New Method Simplifies Biodiesel Production

ARS scientists in Wyndmoor, Pennsylvania, have modified biodiesel production technology. Their method eliminates a step—and an air-polluting chemical—from the process of synthesizing the fuel. Michael Haas, a biochemist with the Eastern Regional Research Center’s Fats, Oils, and Animal Coproducts Research Unit, and colleagues developed the new approach.

In this country, soybean oil is the most prevalent starting material for biodiesel, though other vegetable oils, animal fat, and waste grease are used too. But soybean oil’s relatively high cost results in biodiesel being expensive, which discourages wider adoption of this desirable, renewable fuel.

In biodiesel production, hexane, a colorless, flammable liquid derived from petroleum, is traditionally used to extract the oil from the soybeans. But hexane is an air pollutant, and its release is regulated by the U.S. Environmental Protection Agency. Working with ERRC biologist Karen M. Scott and chemist Thomas A. Foglia, Haas eliminated hexane from the process simply by skipping the oil-extraction step that relies on it. Instead, Haas explains, soybean flakes are incubated with methanol and sodium hydroxide—the same agents that would be used to process extracted oil.

“In the new method, soybean flakes are incubated in alkaline methanol, eliminating the need to isolate and purify the oil before transesterification.” (“Transesterification” is a reaction between fats and alcohol that forms the simple fatty acid esters that are biodiesel.) The lipids don’t have to be isolated first because transesterification occurs in the raw soy flakes containing the oil.

Next, when the researchers collaborated with Andrew McAloon, a process modeler/cost engineer at their facility, to estimate and compare costs, they hit a snag. Without even accounting for the cost of the soy flakes or soy oil, a gallon of biodiesel produced by their new process was estimated to cost $3.14—versus 38 cents per gallon if produced by the conventional process.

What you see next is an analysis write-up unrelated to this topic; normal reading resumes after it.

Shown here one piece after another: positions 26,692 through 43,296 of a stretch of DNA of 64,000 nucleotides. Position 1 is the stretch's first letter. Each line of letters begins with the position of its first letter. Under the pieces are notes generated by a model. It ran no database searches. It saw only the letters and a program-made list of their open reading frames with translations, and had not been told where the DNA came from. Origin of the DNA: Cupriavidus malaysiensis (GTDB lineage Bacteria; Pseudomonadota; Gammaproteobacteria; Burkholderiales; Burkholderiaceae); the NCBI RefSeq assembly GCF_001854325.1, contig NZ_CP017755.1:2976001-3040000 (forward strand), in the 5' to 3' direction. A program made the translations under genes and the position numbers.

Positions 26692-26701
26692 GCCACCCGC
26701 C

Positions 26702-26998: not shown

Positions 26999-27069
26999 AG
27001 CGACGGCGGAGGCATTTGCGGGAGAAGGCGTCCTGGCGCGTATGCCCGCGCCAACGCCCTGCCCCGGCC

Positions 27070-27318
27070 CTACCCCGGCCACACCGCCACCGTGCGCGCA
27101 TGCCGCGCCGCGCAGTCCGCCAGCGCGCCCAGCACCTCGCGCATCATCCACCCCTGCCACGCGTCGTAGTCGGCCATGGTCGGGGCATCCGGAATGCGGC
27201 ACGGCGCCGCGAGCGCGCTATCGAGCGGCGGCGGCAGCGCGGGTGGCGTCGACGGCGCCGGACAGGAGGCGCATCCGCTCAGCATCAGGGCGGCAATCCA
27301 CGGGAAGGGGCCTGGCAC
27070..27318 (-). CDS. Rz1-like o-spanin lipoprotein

The researchers then noticed that their new method used considerably more methanol than is typically needed in biodiesel synthesis. They reasoned that the moisture naturally present in soybeans, as much as 10 percent in soy flakes, could be the reason behind the high methanol requirement. They found that by drying the flakes before starting the biodiesel synthesis, they could greatly reduce the required methanol volume. As a result, the estimated cost went down to $1.02 per gallon.

Haas and his colleagues are presently refining their economic model to account for income from selling the lipid-free, protein-rich flakes left after the biodiesel reaction for use as animal feeds and to account for cost differences between refined-oil and flaked-soybean starting materials.

ARS has filed a patent application on the process. Haas is exploring use of this new method to produce biodiesel from the lipids in corn co-products from ethanol plants that use corn as a starting material. He’s also investigating the suitability of canola seeds and meat and bone meal.—By Jim Core, Agricultural Research Service Information Staff.

From ARS

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